I shot JPEG+Raw file formats, and noted while reviewing the files in Adobe Bridge that the JPEGs were always a bit lighter (and necessarily lower res) than the Raw files. Raw is 16-bit and immediately “processable” in Photoshop, something I cannot always say about other makers when their new models come out. Both formats are compressed, but the Raw is lossless. Suffice it to say that the Raw output is more than sufficient for 13x19-inch prints and larger. One other note about the Raw files (and why you should always shoot them with a camera like this): when processing the Raw files I chose a very contrasty scene that I exposed with highlight bias.

Without processing, the shadows were deep and seemingly impenetrable. But when I used the Curves control in Photoshop, I was able to open them to reveal texture and detail without mottling. Very impressive. I cannot say this about the JPEG file.

I tried out a few special effects modes such as HDR Backlight Control. This takes three shots in rapid succession (maintain a steady hand!) and combines them in camera. Using the IS-capable lens I had for the test surely helped.

I then did an auto-bracket with a two-step interval, thus +/- 2 stops from the recommended reading, and combined them in Photoshop’s HDR setup. Now, there’s no question that Photoshop HDR has more nuanced controls than the camera’s HDR mode provides, and using Photoshop you can go from straight up to grunge, but all in all the camera’s HDR Backlight did a credible job, as long as you bias toward the highlights.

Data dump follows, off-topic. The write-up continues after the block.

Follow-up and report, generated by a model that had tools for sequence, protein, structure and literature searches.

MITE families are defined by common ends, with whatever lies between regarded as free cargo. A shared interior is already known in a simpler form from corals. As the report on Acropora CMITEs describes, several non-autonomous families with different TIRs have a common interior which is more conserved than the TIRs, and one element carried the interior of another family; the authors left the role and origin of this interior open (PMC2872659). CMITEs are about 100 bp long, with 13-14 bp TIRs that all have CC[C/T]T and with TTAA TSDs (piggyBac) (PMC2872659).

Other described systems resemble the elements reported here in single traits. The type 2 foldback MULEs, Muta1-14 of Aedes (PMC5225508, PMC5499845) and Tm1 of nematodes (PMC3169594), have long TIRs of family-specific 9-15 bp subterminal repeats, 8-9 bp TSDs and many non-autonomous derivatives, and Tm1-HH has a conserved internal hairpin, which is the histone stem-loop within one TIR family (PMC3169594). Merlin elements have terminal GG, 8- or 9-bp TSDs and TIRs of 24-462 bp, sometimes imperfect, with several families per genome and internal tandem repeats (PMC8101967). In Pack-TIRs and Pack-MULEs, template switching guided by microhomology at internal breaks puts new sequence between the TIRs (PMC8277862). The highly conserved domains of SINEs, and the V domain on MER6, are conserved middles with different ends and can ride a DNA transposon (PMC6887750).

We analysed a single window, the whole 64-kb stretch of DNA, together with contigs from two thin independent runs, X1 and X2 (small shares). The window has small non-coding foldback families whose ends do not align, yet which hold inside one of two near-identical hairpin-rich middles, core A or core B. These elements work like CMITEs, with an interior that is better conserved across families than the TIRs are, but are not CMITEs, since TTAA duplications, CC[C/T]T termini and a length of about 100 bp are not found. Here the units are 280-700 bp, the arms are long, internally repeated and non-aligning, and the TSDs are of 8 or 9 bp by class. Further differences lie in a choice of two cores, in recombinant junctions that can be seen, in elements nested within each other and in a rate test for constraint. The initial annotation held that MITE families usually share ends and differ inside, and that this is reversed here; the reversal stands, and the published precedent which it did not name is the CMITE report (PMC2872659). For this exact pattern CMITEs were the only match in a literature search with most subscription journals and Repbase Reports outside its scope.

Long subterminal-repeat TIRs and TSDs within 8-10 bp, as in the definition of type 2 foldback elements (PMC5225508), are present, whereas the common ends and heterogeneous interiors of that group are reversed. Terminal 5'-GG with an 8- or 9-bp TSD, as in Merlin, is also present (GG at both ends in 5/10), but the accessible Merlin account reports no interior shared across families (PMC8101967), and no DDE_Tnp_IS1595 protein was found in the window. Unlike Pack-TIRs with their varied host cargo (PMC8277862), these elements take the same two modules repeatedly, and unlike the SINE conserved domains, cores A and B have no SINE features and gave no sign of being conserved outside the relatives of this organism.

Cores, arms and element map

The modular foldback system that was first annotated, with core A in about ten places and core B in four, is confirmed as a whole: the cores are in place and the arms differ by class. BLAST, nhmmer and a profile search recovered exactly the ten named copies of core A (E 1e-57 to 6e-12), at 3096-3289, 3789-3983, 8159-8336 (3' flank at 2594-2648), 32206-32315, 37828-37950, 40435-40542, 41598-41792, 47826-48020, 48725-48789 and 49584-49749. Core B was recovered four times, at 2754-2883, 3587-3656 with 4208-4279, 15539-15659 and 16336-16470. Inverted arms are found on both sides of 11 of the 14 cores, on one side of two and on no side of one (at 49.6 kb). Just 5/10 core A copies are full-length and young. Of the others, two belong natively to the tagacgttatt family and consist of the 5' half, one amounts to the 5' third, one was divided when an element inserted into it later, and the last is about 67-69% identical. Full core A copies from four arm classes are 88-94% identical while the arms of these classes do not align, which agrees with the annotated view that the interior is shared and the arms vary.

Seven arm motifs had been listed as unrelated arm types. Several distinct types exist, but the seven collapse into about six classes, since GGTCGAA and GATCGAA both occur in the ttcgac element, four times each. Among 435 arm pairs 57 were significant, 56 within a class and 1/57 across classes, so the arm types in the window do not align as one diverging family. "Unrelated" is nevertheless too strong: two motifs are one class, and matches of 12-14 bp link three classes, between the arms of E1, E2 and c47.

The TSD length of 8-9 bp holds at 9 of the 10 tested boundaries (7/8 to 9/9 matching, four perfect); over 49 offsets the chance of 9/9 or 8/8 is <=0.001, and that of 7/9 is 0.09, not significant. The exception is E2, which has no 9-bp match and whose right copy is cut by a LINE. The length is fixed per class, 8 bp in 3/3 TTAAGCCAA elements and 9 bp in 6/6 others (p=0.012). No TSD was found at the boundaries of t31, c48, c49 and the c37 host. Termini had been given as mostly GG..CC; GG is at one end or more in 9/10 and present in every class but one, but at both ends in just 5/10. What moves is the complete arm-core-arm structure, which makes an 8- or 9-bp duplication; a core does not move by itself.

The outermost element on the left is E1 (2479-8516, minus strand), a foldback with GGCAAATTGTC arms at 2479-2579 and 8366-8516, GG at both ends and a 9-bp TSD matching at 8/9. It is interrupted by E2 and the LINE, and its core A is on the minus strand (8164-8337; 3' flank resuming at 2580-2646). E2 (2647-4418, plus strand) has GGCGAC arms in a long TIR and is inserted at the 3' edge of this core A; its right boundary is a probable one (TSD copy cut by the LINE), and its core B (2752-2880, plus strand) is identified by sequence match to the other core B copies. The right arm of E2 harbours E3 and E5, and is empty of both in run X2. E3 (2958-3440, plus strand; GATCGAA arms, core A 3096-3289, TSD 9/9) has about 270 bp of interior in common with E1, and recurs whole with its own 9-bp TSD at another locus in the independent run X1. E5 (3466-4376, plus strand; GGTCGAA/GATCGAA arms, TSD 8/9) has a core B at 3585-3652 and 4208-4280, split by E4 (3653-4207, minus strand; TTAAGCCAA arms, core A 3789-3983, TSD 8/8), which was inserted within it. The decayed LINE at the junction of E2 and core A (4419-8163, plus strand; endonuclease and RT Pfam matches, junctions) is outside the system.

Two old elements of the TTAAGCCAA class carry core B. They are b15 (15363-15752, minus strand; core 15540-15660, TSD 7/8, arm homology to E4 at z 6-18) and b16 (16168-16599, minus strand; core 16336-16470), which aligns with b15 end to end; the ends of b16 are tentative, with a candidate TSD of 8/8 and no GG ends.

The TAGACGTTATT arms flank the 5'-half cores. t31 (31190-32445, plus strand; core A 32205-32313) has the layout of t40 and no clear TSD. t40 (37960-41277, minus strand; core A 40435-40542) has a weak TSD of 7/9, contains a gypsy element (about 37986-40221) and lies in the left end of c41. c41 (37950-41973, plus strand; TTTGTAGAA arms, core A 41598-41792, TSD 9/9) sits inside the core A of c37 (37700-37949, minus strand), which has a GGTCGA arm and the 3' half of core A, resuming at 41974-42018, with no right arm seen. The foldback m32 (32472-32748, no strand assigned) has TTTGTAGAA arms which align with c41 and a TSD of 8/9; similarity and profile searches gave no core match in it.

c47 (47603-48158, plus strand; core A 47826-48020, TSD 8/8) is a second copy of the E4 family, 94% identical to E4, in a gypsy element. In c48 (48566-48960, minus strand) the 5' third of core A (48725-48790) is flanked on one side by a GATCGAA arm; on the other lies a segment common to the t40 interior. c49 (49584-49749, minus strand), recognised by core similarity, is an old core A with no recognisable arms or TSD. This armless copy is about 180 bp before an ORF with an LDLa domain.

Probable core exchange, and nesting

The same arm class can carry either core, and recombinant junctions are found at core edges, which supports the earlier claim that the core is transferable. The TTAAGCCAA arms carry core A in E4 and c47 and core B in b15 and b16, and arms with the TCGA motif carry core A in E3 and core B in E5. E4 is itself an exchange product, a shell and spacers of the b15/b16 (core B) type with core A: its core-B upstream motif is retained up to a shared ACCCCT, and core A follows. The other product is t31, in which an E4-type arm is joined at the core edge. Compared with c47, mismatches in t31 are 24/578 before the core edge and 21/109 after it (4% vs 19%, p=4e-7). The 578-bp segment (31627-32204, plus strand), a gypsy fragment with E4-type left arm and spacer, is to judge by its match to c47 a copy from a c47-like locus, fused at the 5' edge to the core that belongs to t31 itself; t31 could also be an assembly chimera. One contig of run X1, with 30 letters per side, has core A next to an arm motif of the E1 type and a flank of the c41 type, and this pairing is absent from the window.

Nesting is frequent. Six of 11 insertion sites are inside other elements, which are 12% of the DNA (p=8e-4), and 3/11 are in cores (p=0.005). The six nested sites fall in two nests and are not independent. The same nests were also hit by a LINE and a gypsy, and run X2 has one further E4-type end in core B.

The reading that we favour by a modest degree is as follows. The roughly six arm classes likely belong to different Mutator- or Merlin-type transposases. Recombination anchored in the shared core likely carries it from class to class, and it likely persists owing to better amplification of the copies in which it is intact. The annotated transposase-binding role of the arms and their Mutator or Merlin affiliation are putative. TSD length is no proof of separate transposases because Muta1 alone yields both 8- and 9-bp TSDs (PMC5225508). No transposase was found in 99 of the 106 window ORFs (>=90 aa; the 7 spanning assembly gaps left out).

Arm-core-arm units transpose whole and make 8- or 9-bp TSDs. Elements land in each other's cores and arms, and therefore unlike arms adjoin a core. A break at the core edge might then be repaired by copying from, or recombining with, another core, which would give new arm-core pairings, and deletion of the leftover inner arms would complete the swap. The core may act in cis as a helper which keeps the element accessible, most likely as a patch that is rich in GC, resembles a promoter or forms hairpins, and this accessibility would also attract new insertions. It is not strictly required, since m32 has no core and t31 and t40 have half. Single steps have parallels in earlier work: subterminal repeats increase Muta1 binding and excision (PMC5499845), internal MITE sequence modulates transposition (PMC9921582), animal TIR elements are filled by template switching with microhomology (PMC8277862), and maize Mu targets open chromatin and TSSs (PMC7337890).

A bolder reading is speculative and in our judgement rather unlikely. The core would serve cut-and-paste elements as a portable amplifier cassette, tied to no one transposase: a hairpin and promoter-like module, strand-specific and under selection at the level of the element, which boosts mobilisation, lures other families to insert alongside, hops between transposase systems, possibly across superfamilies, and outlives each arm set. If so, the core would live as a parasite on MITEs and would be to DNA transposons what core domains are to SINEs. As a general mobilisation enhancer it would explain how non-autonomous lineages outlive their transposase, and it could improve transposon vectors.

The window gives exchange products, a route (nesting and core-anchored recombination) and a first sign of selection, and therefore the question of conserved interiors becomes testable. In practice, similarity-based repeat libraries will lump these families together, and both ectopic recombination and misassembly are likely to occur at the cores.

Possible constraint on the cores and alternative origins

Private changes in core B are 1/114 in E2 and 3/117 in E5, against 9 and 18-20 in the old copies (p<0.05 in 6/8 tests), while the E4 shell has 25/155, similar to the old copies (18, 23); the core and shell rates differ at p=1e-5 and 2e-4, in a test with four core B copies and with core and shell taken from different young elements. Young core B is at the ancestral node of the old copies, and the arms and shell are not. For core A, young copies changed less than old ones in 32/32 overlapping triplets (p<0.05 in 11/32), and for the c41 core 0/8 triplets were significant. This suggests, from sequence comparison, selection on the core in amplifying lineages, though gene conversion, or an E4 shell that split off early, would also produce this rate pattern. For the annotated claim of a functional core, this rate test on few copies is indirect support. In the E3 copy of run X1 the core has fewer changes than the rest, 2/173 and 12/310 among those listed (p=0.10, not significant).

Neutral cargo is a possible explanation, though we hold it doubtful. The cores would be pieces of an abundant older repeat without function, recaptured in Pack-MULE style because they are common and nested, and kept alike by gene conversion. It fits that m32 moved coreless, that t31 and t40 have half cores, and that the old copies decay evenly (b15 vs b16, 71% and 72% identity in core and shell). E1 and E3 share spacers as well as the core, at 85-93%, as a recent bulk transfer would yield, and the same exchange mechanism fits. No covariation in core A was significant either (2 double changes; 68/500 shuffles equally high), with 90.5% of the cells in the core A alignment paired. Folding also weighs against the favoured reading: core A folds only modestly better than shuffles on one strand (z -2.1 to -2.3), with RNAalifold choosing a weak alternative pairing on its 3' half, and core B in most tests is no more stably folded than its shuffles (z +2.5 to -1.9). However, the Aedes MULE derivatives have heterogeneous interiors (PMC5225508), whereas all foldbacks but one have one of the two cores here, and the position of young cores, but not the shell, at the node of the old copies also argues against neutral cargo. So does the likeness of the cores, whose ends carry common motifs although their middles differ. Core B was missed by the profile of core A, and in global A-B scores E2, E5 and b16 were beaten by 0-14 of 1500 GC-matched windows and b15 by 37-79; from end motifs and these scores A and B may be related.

As to exposure controls, the camera has all the standard modes and patterns, and locking on highlights, applying exposure compensation, and moving through ISO, aperture, and shutter speed settings is no problem. You can use the LCD for exposure simulation, but I prefer to check in the LCD after exposure and then compensate or change my readings as needed.

While you can shoot JPEGs in various sizes, there are compelling reasons to shoot in Raw mode with a full-frame sensor. I shot JPEG+Raw of this metal structure and exposed for highlight bias. The shadow area was deep black in both previews. To see how deep I could “dig” into the black shadow on the Raw file I used the Curves control: surprising detail emerged without any trace of mottling, noise, or discoloration. When I did this with the JPEG file it did not clear nearly as well. (Note: This may not show up fully in repro—trust me, it’s there.) Exposure was f/9 at 1/250 second at ISO 100; exposure read and locked on highlight.

There are innumerable focusing patterns and many ways to pinpoint a specific area (critical for close-up shots) but there are also somewhat broader patterns that come in handy for tracking and landscape imagery. You can also touch focus and shoot (called Touch Shutter in the manual): here you frame, touch where you want focus and the shutter will release. Overall, focus confirmation is very fast and in my tests it never failed me, even in fairly low light.